Jennifer (JC-S)'s Reviews > A Wealth Of Women: Australian Women's Lives From 1788 To The Present

A Wealth Of Women by Alison Alexander
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it was amazing
bookshelves: australian-womens-writers-challenge

‘What has life been like for Australian women?’

I picked up a copy of this book, purely by chance, and started looking at the hundred or so black and white pictures and photographs included. One photograph in particular – of a pioneer family outside their bush hut – caught my attention. Who were these people? How successful were their ventures? How did families fare in such conditions? I kept looking at the photographs, and then, intrigued started to read the text.

There are eleven chapters in this book: the majority are by Alison Alexander, the two about the experience of Indigenous women are by Prue Torney-Parlicki. The book covers the lives of ordinary Australian women from 1788 to 2000 (the book was published in 2001).

What could possibly be interesting about the lives of ordinary Australian women? Well, quite a lot as it happens. To try to understand a society, I think it is necessary to understand the people within it, how individual domestic issues are managed, how lives were lived. Most histories focus on a bigger picture, on public affairs, political issues, economic matters. This history focusses on women – sometimes as groups, such as Indigenous women in 1788, who watched the First Fleet arrive – and sometimes as individuals. Within the book, throughout this period, hard work emerges as a constant theme. As Alison Alexander points out, most women married and had an average of seven children – at least until the 1870s. While the birth rate started to fall then, the really big changes in women’s lives did not occur until after World War II. Some of these changes were a consequence of inventions which made lives easier for some women while reducing the traditional employment options (such as domestic service) for others. Other changes were a consequence of the loss of so many men during the two world wars: fewer men, fewer marriages as well as changes to employment prospects.

All of this is brought to life through the anecdotes shared by contributors to this book. Individuals remembering the struggles of their mothers, grandmothers and other women, the changes brought about as battles for political and legal equality were fought and (sometimes) won. My own memory is of one of my bosses being angered by equal pay: ‘men should get paid more, they are stronger, and have families to maintain’. I wonder what he would have thought of maternity leave?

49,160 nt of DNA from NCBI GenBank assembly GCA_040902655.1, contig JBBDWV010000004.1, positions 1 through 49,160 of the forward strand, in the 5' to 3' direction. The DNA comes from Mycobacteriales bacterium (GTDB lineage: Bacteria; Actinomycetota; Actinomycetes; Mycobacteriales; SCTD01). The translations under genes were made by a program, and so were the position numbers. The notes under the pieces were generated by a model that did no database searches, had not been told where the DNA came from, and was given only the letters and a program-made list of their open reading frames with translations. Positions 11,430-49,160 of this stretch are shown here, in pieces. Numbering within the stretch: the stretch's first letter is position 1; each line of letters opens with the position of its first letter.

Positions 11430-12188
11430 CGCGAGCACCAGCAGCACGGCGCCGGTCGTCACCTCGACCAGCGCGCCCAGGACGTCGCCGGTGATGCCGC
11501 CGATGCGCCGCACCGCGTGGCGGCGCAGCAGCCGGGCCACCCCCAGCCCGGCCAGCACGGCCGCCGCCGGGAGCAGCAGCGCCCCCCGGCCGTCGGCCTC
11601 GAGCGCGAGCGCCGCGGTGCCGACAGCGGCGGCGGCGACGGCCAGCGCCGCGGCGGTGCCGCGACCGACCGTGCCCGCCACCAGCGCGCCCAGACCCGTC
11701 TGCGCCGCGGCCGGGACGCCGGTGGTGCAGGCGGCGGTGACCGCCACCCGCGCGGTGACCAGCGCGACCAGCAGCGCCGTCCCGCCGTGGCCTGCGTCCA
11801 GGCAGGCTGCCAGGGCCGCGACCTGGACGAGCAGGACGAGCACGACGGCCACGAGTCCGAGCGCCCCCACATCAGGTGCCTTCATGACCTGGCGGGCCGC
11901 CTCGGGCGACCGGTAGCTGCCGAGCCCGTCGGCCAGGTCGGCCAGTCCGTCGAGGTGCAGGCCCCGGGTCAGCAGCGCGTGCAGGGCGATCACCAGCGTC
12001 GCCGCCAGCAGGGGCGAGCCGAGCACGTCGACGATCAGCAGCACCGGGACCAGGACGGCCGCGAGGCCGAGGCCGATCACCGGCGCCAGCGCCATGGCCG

This is a book that invites you to think about the ways in which women’s lives have changed since 1788. For example, there is a reference to the child-rearing rules of Doctor Frederic Truby King. My maternal grandmother had a copy of ‘Mothercraft’ by Mary Truby King, which she bought on my mother’s first birthday in 1934. It was amongst her prized possessions, and I’ve kept it. Let me quote a sentence: ‘ A real Truby King baby, then, is one whose mother brings it up strictly according to the Truby King system —a baby who is completely breast fed until the ninth month and then weaned slowly on to humanised milk, with a gradual introduction of solid foods as described in this book.’ I suspect that my grandmother took refuge in the Truby King system: her first child died in 1931 when he was two days old, and her only other child was my mother. Times, and child rearing methods, have changed.

Some famous women are mentioned in this book, but it is mostly about ordinary women.

I really enjoyed reading this book. Some of this is history I knew, but much of it is new to me. I especially liked the snapshots: five two page timelines touching on food, health, fashion, education and inventions.

Jennifer Cameron-Smith
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Reading Progress

February 3, 2016 – Shelved
February 3, 2016 – Shelved as: australian-womens-writers-challenge
February 4, 2016 – Started Reading
February 15, 2016 – Finished Reading

Comments Showing 1-4 of 4 (4 new)

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message 1: by T.S. (new) - rated it 1 star

T.S. Flynn Purely by chance?


message 2: by Jennifer (JC-S) (last edited Oct 27, 2016 09:43PM) (new) - rated it 5 stars

Jennifer (JC-S) Yes, purely by chance. I was browsing the bookshelves, looking for something to read, and decided to read this book. I've read four of Alison Alexander's books so far.


message 3: by T.S. (new) - rated it 1 star

T.S. Flynn Read four of her books? You must be a masochist.


message 4: by Jennifer (JC-S) (last edited Oct 29, 2016 03:27PM) (new) - rated it 5 stars

Jennifer (JC-S) Theo wrote: "Read four of her books? You must be a masochist." ;-) Sometimes my interests and her books coincide.


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